Campus, News

BU students tackle urban health issues across Massachusetts

Boston University’s Initiative on Cities building on Bay State Road. The IoC created a program called MetroBridge to get students involved in local urban health issues.

Boston University students in the Kilachand Honors College will have the opportunity to make a difference in communities across the state in a new global health program called MetroBridge this year.

MetroBridge was created by the BU’s Initiative on Cities and seeks to make connections between university classrooms and the wider world to solve real public health crises, a

ccording to their website.

Emily Robbins, the program manager for MetroBridge, wrote in an email that the program was created in order to give students a way to have an impact on Boston-area communities outside of campus.

“MetroBridge was created in response to two pressing needs— one is that students are eager to impact their local communities and apply the skills they’re learning to real-world situations, and the other is that cities are always looking for new solutions to big challenges,” Robbins wrote in an email.

The program has projects across Massachusetts in seven cities and towns including Chelsea, New Bedford and Providence. The scope and nature of these projects varies from exploring homelessness and housing insecurity to analyzing the effects of airplane noise congestion.

“Our goal is that MetroBridge will not only have a positive impact on the local governments we work with, but also help students understand how the skills they’re building can be applied in the real world,” Robins wrote.

Cities could use MetroBridge in different ways, such as to uncover new policy ideas, survey residents to better understand their needs and priorities or analyze data sets to help drive decision making, Robbins wrote.

Students in the program work on city’s projects as class assignments while working directly with local government leaders during the semester.

“In this way, we are empowering students to tackle real-world issues while also helping city leaders confront key urban challenges,” she wrote.

Carrie Preston, a professor of English in KHC who is involved in the program, wrote in an email that MetroBridge is an exciting opportunity for students to use their creativity to help communities.

We often keep them behind their books and computers, saying that they will make a difference later,” Preston wrote. “I think that is a misuse of their talents.”

Preston wrote that she hopes the MetroBridge program will be eye-opening for students and help them understand that global health is all around them.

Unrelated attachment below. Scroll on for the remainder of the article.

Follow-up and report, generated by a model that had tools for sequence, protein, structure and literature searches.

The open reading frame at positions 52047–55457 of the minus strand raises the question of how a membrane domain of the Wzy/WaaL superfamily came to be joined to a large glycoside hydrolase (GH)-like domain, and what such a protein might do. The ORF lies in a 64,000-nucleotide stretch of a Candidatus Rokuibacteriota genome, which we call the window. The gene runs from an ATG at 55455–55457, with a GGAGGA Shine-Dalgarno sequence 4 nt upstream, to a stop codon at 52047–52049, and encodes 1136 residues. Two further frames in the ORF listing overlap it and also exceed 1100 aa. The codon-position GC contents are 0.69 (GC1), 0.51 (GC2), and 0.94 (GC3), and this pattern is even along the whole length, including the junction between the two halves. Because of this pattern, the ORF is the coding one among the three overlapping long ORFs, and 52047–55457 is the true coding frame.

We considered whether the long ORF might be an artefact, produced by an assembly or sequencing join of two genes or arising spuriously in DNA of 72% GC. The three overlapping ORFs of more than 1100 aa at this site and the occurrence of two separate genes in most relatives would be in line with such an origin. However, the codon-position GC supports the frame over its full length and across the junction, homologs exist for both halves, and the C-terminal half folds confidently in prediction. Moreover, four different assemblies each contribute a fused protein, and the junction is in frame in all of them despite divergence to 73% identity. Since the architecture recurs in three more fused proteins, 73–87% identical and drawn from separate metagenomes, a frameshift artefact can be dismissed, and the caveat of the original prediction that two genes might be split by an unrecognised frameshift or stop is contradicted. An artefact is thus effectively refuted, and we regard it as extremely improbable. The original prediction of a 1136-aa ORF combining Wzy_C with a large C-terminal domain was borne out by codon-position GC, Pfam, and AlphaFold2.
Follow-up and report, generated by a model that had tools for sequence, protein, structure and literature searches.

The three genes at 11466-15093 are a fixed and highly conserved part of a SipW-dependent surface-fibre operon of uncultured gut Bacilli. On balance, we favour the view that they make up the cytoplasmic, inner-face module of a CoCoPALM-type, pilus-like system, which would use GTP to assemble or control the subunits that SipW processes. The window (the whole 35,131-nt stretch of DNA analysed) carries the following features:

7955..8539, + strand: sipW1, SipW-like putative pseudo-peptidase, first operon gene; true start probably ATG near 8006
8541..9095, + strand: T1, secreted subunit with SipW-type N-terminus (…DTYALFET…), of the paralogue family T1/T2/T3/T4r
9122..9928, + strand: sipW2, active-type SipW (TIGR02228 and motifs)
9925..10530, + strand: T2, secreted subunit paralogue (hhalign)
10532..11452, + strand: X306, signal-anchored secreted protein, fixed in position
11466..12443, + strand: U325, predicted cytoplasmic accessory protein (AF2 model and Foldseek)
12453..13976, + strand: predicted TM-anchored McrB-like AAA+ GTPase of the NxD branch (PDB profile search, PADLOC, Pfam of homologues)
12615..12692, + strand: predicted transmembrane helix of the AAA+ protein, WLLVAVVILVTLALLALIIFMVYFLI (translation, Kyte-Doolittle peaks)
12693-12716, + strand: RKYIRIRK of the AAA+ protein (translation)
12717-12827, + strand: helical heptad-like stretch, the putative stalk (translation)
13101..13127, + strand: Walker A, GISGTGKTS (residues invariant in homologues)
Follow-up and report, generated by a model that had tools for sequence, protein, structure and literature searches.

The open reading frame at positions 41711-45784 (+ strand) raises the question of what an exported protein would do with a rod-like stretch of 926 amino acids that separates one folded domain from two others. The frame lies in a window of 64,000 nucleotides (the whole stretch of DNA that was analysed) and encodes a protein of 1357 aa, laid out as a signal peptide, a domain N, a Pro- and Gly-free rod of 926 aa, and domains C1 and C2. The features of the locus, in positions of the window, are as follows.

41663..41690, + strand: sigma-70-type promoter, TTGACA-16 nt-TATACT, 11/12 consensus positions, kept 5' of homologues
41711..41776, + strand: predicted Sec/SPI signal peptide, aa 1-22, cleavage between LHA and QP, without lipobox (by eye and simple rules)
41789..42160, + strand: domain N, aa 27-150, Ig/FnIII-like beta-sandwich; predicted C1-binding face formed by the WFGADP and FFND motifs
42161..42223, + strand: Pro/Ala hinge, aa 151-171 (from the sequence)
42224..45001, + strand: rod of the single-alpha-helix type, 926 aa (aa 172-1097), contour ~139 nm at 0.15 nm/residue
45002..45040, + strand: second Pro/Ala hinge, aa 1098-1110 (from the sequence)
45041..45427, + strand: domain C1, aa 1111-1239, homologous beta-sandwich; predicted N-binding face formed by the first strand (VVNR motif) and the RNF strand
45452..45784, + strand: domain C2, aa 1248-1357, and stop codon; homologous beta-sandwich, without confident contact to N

I hope they feel empowered to find solutions that could actually be enacted,” she wrote.

Urban issues should be important to students, Preston wrote, because “city issues are OUR issues.”

David Glick, the faculty director for MetroBridge, wrote in an email that the program benefits all who are involved.

“I think matching students and classes with local government projects … will enable all of us that work with the program to help our colleagues help their students by trying new class models, and to hopefully be part of making an impact on local policy,” Glick wrote.

He added that programs like MetroBridge help fulfill the needs of local governments that can be under-resourced and that these municipalities benefit from the quality of work produced by the faculty and students involved.

For these reasons, Glick wrote, the work of programs like MetroBridge is more likely to be valued by the cities with which they partner.

BU Spokesperson Colin Riley said that BU has always had a strong relationship with cities.

“It’s in our DNA to have that relationship, that anything that is in the interest of the city is something we’re in support of,” Riley said.

Riley said that the MetroBridge program is one of many opportunities BU students have to partner with cities and grow the university’s positive relationship with them.

BU’s Initiative on Cities is a long-standing program, he said, that has helped cities find solutions to their problems and improve the services they provide to their citizens.

Marie Alameida, a sophomore at the College of Arts and Sciences, said she believed it was important for students to be involved in their communities.

I think it’s good for students to reach out to the community no matter what,” Alameida said. “I think it just kind of allows them to understand what’s going on around them.”

CAS freshman Matt O’Rourke said he thought the MetroBridge program sounded interesting.

“It sounds like a great opportunity to get out of the classroom and do something for our city that we live in,” he said.

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